Soshichi Uchii, Kyoto University

10. The Case for or against Reductionism?

Now, after this long review of the development of kinetic theory, heavily depending on Dr. Tomonaga's analysis, we can come back to our initial problem of reductionism. As I said at the beginning, the kinetic theory is often referred to as one of the best examples of one theory being reduced to another. But after taking a look at what was going on in the kinetic theory, we have to be more careful. First of all, what does "reduction" mean? Second, what is allleged to be reduced to what?

Let us begin with the first question. I understand that, according to the standard view, one theory T1 is reduced to another theory T2 if and only if the following three conditions hold:

(1) The basic concepts of T1 are all definable in terms of concepts of T2.

(2) All of the basic laws of T1 can be translated, by means of such definitions, into laws of T2, which are of course derivable within T2.

(3) The concepts and laws of T2 are more basic, in some sense, than those of T1.

Now, taking this definition of "reduction" for the moment, what is alleged to be reduced to what?---this is our second question. There may be several alternatives, but simplifying the matter, we will consider only two.

(A) Suppose Thermodynamics is alleged to be reduced to the Newtonian mechanics. Then, clearly, this allegation is false, because the concept of (epistemic or inductive) probability is not contained in the Newtonian mechanics. As Dr. Tomonaga has made clear, we need not only the probability concept as time-average (which may be regarded as a mechanical concept) but another concept independent of the mechanics, in order to do justice to the second law of thermodynamics. Thus even the first condition (1) fails.

(B) Suppose, then, Thermodynamics is alleged to be reduced to the full kinetic theory, which assumes the statistical point of view as well as the mechanical point of view, including all the basic concepts associated with them. Then we may admit that the conditions (1) and (2) can be satisfied. But this time, the condition (3) is dubious, to say the least. Take the concept of irreversibility or entropy from the thermodynamics, and the concept of (epistemic or inductive) probability from the kinetic theory. Can we say that the latter is more basic than the former? Or in what sense is it more basic? Honestly, I am not sure; I really do not know. But certainly not "more basic" in the ontological sense, as some atomist wants to say; because probability does not seem to be an ontological concept.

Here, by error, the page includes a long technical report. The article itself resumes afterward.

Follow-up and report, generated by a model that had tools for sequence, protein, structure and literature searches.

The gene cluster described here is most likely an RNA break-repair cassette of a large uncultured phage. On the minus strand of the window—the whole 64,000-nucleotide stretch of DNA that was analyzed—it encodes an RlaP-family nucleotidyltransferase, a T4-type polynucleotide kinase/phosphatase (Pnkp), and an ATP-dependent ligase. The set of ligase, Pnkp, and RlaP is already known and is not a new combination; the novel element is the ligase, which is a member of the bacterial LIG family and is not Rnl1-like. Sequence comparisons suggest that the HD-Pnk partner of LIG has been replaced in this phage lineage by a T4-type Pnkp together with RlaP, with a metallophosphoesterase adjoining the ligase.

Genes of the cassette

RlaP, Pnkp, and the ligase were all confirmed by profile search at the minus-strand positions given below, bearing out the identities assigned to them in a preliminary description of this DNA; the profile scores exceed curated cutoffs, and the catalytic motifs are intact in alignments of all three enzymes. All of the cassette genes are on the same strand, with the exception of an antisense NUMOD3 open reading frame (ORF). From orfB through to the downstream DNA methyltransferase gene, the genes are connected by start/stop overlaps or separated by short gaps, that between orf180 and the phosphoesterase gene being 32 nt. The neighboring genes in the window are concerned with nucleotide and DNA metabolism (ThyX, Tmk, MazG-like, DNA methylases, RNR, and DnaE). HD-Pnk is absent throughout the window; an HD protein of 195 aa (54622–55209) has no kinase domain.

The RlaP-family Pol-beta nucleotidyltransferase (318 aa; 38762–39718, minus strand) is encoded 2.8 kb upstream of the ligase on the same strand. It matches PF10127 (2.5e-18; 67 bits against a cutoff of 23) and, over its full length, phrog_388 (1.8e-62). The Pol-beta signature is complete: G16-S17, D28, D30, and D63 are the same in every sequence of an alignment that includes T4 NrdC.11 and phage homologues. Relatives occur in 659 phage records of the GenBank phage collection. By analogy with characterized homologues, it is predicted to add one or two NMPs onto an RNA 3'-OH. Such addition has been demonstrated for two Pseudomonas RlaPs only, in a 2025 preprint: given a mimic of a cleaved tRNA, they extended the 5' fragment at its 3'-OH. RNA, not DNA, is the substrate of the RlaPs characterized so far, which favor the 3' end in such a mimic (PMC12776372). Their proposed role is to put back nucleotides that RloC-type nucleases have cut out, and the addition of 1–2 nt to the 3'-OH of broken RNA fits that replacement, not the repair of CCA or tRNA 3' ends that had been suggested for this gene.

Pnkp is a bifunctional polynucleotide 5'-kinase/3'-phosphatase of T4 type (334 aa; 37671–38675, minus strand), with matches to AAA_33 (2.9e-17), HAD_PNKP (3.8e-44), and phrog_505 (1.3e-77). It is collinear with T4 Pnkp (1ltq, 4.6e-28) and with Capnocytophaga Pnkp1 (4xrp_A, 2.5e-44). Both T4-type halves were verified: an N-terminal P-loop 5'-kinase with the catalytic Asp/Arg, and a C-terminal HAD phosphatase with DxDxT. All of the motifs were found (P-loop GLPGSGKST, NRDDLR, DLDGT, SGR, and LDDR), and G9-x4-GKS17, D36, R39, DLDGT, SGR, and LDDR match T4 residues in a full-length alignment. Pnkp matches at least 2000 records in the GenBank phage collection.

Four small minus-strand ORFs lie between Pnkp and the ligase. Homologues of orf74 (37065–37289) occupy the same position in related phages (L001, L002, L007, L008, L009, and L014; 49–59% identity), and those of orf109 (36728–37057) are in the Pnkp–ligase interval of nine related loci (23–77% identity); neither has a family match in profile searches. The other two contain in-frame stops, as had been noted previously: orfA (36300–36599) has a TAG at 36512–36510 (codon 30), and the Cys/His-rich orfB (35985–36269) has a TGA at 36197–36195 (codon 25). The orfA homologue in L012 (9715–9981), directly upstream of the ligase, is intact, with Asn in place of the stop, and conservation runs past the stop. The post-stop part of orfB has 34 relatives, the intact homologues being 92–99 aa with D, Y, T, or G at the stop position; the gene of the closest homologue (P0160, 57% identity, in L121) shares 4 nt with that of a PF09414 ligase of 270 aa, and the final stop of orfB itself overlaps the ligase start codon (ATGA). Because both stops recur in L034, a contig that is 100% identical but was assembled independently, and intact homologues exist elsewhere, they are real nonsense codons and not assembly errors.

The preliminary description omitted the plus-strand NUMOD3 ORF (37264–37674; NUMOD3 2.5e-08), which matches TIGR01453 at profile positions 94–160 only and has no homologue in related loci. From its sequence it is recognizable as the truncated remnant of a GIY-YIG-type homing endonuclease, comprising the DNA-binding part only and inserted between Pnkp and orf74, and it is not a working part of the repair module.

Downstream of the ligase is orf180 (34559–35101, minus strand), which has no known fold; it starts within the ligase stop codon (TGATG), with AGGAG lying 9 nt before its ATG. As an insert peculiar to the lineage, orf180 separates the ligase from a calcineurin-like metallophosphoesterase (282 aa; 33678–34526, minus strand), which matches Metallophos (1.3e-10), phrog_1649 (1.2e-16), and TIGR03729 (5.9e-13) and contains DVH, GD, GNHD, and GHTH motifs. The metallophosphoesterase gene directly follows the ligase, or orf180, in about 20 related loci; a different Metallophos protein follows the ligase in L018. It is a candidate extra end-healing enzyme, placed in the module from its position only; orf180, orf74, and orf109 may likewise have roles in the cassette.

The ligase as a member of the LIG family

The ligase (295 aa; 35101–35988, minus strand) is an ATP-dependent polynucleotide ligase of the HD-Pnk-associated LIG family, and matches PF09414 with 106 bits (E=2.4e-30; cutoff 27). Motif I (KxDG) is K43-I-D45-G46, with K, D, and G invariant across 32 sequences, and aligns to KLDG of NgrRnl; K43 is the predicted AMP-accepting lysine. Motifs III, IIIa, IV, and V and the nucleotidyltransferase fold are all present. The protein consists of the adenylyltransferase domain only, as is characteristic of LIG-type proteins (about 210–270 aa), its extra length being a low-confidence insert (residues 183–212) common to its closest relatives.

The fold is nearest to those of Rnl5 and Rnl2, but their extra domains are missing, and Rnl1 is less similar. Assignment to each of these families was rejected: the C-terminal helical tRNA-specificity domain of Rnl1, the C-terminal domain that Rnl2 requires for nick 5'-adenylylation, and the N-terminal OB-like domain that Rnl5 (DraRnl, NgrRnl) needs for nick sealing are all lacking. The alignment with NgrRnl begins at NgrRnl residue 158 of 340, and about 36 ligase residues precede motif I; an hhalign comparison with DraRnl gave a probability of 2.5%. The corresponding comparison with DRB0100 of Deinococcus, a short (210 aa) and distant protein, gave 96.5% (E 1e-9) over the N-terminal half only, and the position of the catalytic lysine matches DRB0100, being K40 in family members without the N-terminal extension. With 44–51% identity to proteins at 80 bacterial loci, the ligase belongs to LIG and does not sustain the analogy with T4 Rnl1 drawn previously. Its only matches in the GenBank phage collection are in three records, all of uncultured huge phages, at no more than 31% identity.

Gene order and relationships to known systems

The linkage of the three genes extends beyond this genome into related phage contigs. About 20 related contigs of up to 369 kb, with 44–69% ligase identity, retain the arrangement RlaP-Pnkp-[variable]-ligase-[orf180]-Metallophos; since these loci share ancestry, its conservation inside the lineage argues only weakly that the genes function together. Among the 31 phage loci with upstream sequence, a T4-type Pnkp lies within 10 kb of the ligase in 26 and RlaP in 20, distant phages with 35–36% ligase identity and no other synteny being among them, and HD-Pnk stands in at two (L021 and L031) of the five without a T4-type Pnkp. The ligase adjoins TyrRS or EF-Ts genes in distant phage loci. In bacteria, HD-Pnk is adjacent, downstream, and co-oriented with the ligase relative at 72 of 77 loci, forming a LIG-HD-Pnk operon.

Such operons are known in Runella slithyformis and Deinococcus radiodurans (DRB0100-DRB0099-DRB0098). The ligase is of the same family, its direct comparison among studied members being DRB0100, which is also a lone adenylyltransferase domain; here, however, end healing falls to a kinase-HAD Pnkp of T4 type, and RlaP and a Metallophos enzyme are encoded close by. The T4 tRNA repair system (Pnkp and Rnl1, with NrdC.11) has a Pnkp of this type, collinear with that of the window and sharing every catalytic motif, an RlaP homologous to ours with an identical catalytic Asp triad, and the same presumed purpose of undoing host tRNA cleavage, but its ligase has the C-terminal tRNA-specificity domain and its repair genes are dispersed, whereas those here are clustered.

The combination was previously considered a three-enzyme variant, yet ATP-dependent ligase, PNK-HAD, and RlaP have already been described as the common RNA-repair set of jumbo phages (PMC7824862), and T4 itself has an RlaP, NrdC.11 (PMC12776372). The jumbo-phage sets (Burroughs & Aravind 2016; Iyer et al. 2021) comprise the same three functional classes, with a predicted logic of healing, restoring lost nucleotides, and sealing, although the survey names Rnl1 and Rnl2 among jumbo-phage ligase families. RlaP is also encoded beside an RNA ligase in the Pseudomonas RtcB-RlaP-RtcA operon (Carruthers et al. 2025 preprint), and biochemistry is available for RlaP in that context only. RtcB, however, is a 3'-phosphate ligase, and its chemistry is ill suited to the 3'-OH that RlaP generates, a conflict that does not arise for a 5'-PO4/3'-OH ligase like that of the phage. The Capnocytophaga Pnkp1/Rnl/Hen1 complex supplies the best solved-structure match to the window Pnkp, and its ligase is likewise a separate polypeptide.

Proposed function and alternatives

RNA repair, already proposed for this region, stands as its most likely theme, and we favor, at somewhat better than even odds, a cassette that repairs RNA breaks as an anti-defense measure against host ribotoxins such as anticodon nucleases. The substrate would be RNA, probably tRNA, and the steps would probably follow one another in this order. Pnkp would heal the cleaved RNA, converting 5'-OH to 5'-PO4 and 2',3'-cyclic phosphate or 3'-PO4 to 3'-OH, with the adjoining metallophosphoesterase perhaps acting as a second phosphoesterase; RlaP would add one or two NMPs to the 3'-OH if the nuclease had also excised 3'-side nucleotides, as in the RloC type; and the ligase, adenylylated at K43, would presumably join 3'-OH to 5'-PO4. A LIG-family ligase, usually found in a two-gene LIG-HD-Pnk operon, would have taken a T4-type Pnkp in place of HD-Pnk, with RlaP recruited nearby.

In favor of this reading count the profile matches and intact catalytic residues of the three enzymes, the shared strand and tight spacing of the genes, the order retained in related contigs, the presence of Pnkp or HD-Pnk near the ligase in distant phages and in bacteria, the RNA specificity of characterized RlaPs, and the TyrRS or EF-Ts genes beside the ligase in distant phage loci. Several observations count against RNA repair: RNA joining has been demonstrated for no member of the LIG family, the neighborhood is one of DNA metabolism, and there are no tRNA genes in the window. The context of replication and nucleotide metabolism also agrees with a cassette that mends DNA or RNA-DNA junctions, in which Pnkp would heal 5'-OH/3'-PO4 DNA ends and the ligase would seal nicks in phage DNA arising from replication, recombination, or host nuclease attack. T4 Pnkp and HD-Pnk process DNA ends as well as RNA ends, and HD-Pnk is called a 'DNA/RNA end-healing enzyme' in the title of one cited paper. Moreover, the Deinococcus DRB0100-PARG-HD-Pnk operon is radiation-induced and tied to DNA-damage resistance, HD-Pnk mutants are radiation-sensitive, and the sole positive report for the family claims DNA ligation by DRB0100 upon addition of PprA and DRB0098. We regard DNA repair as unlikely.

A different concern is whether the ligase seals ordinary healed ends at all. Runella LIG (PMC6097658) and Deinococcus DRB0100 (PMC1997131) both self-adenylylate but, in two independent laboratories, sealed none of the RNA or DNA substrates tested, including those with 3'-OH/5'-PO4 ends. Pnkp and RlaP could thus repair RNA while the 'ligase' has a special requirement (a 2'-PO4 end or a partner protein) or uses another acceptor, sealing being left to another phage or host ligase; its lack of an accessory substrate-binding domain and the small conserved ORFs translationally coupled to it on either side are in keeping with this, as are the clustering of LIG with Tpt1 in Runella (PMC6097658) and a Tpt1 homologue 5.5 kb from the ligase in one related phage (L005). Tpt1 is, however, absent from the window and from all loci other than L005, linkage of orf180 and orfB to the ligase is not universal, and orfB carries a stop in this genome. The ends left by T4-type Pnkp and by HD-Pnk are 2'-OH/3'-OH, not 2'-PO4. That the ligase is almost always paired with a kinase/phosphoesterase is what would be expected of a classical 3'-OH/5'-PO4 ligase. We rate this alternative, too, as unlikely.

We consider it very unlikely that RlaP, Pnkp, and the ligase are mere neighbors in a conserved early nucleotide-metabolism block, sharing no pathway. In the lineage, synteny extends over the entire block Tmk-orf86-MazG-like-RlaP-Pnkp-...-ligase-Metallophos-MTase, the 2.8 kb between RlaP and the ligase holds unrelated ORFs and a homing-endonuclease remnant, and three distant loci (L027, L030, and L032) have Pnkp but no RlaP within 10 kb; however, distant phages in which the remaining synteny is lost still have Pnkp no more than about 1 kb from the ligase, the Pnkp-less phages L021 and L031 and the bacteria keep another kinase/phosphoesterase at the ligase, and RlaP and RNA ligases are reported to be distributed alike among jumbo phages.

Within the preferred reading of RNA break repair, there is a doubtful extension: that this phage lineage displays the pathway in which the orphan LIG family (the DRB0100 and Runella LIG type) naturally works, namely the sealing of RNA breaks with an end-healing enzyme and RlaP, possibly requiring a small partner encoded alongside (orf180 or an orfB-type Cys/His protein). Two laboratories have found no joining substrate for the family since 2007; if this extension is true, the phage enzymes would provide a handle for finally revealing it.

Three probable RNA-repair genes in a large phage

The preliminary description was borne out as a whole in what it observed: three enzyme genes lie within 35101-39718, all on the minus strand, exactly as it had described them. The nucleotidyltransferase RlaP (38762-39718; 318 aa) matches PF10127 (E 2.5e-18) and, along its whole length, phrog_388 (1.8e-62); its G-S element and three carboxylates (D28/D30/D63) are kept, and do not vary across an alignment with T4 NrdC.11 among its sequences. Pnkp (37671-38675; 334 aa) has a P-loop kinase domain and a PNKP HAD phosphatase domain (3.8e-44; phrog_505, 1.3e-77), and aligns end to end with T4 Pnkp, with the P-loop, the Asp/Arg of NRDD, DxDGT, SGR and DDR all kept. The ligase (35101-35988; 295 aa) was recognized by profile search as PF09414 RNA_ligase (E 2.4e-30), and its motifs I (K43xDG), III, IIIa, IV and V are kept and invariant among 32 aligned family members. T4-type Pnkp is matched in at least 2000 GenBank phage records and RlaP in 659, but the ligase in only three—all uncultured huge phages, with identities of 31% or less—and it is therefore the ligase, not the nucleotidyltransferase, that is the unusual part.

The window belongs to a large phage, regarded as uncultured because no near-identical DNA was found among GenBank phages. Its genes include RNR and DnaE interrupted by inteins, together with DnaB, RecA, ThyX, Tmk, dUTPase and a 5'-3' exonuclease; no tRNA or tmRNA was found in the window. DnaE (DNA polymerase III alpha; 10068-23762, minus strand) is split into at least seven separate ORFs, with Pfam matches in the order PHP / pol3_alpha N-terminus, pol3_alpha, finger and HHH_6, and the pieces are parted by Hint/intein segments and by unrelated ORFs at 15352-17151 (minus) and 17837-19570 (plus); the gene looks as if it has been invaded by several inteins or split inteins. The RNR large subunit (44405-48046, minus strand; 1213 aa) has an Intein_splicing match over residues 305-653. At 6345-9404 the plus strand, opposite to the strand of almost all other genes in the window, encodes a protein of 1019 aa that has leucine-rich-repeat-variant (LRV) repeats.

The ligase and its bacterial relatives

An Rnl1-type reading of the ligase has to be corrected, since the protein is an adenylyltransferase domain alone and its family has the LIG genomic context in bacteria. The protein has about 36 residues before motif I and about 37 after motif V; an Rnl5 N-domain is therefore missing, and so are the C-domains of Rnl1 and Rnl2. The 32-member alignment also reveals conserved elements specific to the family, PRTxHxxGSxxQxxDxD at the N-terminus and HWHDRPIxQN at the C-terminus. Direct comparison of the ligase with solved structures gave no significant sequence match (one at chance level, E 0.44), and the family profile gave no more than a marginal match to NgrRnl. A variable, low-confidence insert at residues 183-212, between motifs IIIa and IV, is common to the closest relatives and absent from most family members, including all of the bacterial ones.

Without getting involved in this sort of messy questions, I think it is more sensible to say that the word "reduction" is inappropriate here. In the course of the development of the kinetic theory, thermodynamics is integrated within a larger framework, eventually giving birth to a new branch of physics called "statistical mechanics." Whether or not its foundations are more basic, more secure, I really do not know. But one thing seems to be clear. The kinetic theory or statistical mechanics has certainly wider applications, richer in its theoretical content. Thus it seems to me that the word "extension" is more appropriate here. That is to say, Thermodynamics is extended, by adding new concepts and new point of view, into a more powerful theory.

If you are not convinced of this, take an analogous case from mathematics. Almost everyone knows that Frege-Russell's logicism failed. They tried to reduce mathematics into logic. But this program did not work well, primarily because they had to introduce the concept of set when they wanted to go into arithmetic or mathematics. The crucial problem for them turned out to be this: how can we define the concept of set which is rich enough to reproduce all of mathematics, but which is, at the same time, basic or simple enough to be called "logical"? All of their heroic attempts failed, and the upshot is that we can indeed reconstruct mathematics, if we add to logic the concept of set and a number of basic assumptions about sets (axiomatic set theory). That is to say, mathematics is not reducible to logic, but it can be reconstructed as an extension of logic.

I claim that the situation is quite similar in the kinetic theory. Thermodynamics can indeed be reconstructed within the kinetic theory or statistical mechanics; but the latter theory is an extension of the Newtonian mechanics and of the original thermodynamics as well. And, of course, the key concept which has enabled this extension is the concept of probability. It plays a somewhat similar role as that of set in Frege-Russell's logicism.

Thus I wish to conclude that the logicism and the kinetic thery are a typical example in which the original or alleged attempt of reduction has failed and, ironically, ended up with an extension of the original system. However, this conclusion does not mean that "reductionism as a methodology" (or a "research program") is useless; on the contrary, that methodology was quite fuitfull in the case of kinetic theory, giving birth to a new branch of physics, i.e. statistical mechanics. Thus, although I think the kinetic theory failed as a literal reductionism, it has certainly succeeded as a fruitful methodology.

ª¬ Bibliography / Appendix

ª© 9. Probability Applicable when we are Ignorant

The Sites of Phil. Hist. Science, Kyoto Univ.

March 1, 1999; last modified March 4. (c) Soshichi Uchii

suchii@bun.kyoto-u.ac.jp